Dr. Semaan already saw the MRI and clarified a few things that until then weren’t. While Dr. Razaae and his nurse said it was a neurofibroma tumor, the MRI showed that it wasn’t. Instead it was a Schwannoma tumor, very similar, and both listed as neoplastic causes of facial nerve palsy. Also, from what he saw of that side of the head, the affected part of the motor nerve didn’t reach into the inner ear area but a point below. In other words, I would not permanently lose any hearing or balance. The projected recovery period would be the same as the last. He also said that with the size of the gap to be covered by a sensory nerve graft, the candidate for that would most likely come from my lower leg.

Time was flying and within a month I was back at University Hospital for round two of surgery. I woke up a little after four in the morning on August 17 and preparations went like it did in July. However, when I woke up, it was eight in the evening. The operation lasted eleven hours. I had two drains in my body now, one again in my neck and the second coming out of my left calf. Staples were placed in the incision in my stomach and I had a thick, lightweight gauzy bandage wrapped around my head. I found out later that a friend of mine who visited the next day thought I looked like a mummy.

To my surprise, the pain again wasn’t severe. It did hurt but it felt more like a throbbing pain one would get after being hit in the head by a door. I managed to get out of bed the next day and, by Thursday, I was walking down the hall. By that time, the bandages were off my head and they took out the drain in my neck. Everyone from the nurses to my Father was surprised how I was recovering. The only time I really experienced excruciating pain was when I hit the area where the drain to my leg was. That’s where Dr. Semaan harvested the nerves for the graft

Both Dr. Razaee and Dr. Semaan checked up on me, as they did their rounds. Dr. Semaan was the first to see me and it turned out it was his work in the second half that made it as long as it was. He had to work in the middle ear to get the compacted nerve clear and find a good end to graft the sensory nerves. Fortunately, my balance was fine and most of the range of my hearing remained intact. I talked to him more about this tumor. He explained that this was extremely rare, like 2 or three cases a year. He made a joke saying I must be a very special guy (give him A for effort) and that I should realize that it’s all in the past. “We have found the problem, fixed it, and now we have to work to make it better.”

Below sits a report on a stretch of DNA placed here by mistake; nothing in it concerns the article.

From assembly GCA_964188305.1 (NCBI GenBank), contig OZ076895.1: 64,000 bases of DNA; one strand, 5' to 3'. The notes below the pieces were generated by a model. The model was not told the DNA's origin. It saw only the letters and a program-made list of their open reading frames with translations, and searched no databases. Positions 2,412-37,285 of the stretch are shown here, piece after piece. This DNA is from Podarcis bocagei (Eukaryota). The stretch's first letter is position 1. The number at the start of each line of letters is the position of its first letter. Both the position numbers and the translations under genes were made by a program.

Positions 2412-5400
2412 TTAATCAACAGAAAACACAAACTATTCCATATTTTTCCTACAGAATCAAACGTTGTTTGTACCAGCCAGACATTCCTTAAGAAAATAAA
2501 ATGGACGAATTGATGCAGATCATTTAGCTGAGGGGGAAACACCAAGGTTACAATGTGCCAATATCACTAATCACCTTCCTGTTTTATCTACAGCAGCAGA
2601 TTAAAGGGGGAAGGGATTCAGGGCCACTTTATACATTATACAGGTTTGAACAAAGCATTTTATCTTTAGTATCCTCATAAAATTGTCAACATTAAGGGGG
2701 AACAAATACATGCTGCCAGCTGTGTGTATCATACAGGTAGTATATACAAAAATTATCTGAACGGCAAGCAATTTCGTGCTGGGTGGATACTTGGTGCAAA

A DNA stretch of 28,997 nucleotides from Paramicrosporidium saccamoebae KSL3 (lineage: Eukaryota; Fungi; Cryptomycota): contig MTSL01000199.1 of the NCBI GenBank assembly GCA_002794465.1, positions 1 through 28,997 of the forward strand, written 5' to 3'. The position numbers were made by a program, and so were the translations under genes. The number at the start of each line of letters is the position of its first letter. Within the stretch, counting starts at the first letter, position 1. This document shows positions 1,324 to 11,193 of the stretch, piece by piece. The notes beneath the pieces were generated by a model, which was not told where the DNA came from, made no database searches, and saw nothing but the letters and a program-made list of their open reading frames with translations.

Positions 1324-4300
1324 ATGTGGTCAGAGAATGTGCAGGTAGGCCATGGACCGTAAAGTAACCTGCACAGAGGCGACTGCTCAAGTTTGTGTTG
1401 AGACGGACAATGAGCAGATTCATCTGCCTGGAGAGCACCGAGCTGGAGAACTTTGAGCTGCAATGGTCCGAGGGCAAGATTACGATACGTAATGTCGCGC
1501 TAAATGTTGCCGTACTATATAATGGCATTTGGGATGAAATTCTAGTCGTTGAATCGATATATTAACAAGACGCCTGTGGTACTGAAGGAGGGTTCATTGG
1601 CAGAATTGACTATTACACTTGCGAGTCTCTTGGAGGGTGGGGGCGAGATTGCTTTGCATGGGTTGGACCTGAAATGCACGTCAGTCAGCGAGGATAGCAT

It was Friday afternoon that I finally got out and stayed at my Father and his wife’s house for the night and then finally got home. On Wednesday, August 25, I decided to drive to the drug store for the first time since coming home to get more drops for my eye. I went there with no problem, turning my head proved to be easy, and I decided if I could drive there, I can drive off to the Shrine of Our Lady of Lourdes in Euclid, Ohio, which is what I did. I went to the grotto and lit a few small candles, one of which to thank God I was alive.

On Friday, August 27th, Dr. Razaee finally took out those stitches and he examined my face. He said I was doing great, and it was because of my positive attitude. He also said that biopsy came back and it was officially 100 percent benign. It was all done and I only had to deal with now was the recovery.

Throughout the fall people noticed the improvement in my face. It began to tone up in October and was symmetrical at rest again by December. The first half of the year was in full recovery mode. Then, in the middle of May, something I prayed for happened. The left side of mouth could move! While I ended up with a crooked smile, it was still a smile, the first one I had in over a year. I e-mailed people I knew about this I was so happy this was happening. When I saw both surgeons in July, they were completely amazed.

Compared to some of the other things I’ve had to deal with in my life, dealing with a Schwannoma tumor and its treatment has proved to be better than I feared. I know I will get better from here.”

Since this time, I have been going to follow-up sessions with the two surgeons like everyone does after an operation like this. They say that, after two years, nerve re-growth tends to stop. However, to their surprise as well as mine, even today I have seen some more movement. For example, in last month’s appointment with Dr. Razaee, he did notice that the lower left side of my mouth was starting to move a little when I smile. This is surprising since, during the operation, they couldn’t attach one of the nerve grafts to that area. People say these days that they really don’t notice that I even had the surgery but I’m still kind of self conscious when I try to smile.

It’s a shame I don’t have the original manuscript because I did extensive research on neurofibromas and their treatment. Could I write a book on this? Would it help people in similar situations? I don’t know. This April, I go for my first MRI in over two years and we will see how things are.